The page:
To celebrate this year’s International Women’s Day, I thought I would recognize some amazing women whose ingenuity and perseverance have changed lives.
Women’s achievements in innovation often go unnoticed. You are probably familiar with Marie Curie, whose discoveries changed our use of radiation in medicine and won her a Nobel Prize.
But did you know that Hedi Lamarr was a gifted inventor? Lamarr gained international fame as a Hollywood glamour girl in the 1940s and 50s. But she is less well known for co-developing a “frequency hopping” system during World War II to guide Allied torpedoes to their targets, avoiding the threat of jamming by the enemy. Although the U.S. Navy originally declined to use this technology, Lamarr continued innovating and her work supported later developments in Bluetooth, GPS and other wireless technologies.
While Hollywood recognized Lamarr’s film accomplishments by honoring her with a star on the Walk of Fame in 1960, it wasn’t until decades later that she received awards for her inventions. And finally, in 2014 she was posthumously inducted into the National Inventors Hall of Fame.
I have to admit that I was personally unaware of Lamarr’s off-screen achievements until my friend and fellow innovator, Josh Cohen at GIANT Innovation, told me about her scientific work. There are many other women who similarly have flown largely under the radar, including many Nobel prize winners, female entrepreneurs and other female innovators.
So I wanted to take a moment to recognize some of my female colleagues who are pushing the envelope here at WTW. These ladies may not (yet) have achieved international fame, but they are undoubtedly making an impact in our industry.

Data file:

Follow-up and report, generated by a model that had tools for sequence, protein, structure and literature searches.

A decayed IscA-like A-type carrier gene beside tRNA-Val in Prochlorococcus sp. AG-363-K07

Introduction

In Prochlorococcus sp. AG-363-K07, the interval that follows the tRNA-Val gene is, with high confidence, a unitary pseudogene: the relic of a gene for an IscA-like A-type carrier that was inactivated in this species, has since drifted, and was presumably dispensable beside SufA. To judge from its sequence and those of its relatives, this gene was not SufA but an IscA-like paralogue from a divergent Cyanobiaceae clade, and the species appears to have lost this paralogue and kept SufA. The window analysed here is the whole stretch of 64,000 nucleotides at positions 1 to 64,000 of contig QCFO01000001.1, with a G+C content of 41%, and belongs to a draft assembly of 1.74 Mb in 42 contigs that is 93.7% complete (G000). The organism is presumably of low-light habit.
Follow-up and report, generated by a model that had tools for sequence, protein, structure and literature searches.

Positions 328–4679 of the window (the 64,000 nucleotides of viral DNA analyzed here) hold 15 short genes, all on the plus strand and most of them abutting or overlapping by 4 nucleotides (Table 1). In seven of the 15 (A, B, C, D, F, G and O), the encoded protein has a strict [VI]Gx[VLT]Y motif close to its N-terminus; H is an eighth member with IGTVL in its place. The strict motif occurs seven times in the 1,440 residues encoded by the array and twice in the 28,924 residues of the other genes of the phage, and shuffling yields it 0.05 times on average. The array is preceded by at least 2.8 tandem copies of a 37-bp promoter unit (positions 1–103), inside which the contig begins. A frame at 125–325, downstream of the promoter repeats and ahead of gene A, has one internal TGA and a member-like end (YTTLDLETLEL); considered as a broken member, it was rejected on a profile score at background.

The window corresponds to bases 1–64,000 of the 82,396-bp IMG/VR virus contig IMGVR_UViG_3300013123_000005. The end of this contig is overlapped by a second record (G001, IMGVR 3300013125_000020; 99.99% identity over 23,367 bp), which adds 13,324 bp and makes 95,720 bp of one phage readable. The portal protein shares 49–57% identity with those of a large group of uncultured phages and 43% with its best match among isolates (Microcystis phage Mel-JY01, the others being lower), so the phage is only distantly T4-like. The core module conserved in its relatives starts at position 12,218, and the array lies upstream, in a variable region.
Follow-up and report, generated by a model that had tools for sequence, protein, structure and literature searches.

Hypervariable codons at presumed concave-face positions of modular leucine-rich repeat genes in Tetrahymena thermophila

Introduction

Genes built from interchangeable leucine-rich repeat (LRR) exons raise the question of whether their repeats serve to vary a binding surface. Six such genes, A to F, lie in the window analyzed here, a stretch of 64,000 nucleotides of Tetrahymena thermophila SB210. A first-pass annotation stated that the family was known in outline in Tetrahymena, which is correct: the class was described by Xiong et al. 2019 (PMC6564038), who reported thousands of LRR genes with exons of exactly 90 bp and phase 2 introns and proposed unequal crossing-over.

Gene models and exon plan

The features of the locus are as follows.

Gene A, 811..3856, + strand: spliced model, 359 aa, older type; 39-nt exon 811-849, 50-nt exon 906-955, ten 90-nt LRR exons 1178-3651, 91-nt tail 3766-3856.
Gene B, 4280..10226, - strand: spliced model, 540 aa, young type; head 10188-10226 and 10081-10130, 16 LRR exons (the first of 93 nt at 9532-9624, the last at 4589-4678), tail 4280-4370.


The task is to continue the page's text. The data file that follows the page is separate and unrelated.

Let’s start with Helene Galy and Claire Wilkinson – the dynamic duo behind one of our most exciting new innovation projects, which, when launched, will support small businesses. This project originated through our global innovation challenge called Horizons, which gives every WTW colleague a chance to propose ideas and, if selected, take up to four months out of their jobs to be intrapreneurs, leading projects through a rapid prototyping and concept testing cycle.
One of the great things about the Horizons challenge is that it enables our leaders to hear from colleagues in every business and in every corner of the globe – colleagues whose ideas may not otherwise get elevated to executives’ attention.
In 2021, all three winning ideas from Horizons were led by women. Besides Galy and Wilkinson’s project, Tasha Pettet was one of the other winners. Pettet’s project promises to be a truly revolutionary disruptor to the insurance value chain. I fully expect to see Pettet and her team take home some insurance industry awards when this innovation hits the market. So stay tuned for that.
Finally, I want to acknowledge the tremendous efforts of the women on my iLab (WTW’s Innovation Lab) team. They include: Katie Plemmons, the best innovation coach in North America if not the world; Paige Seaborn, who has done a fabulous job scaling our Innovation Masters program to build colleagues’ innovation skills throughout WTW; Claudia Guembe, who joined our team just a few months ago and already has had an impact in driving colleague engagement in innovation; Constanza Lobo-Guerrero Rodriguez, who is leading our innovation culture strategy; and our newest hire, Meghan Haley, who joined us following a stint at her own startup and who is now running innovation sprints. I can’t imagine a more high-powered group of women innovators and consider myself lucky to work with such a talented team.
We didn’t always have such high female participation in our innovation efforts in WTW. In fact, we’ve worked hard to include more women in innovation over the last several years. Read more about how we did it.
So as we celebrate International Women’s Day, I want to recognize and thank my colleagues and all of the women innovators out there – keep on creating!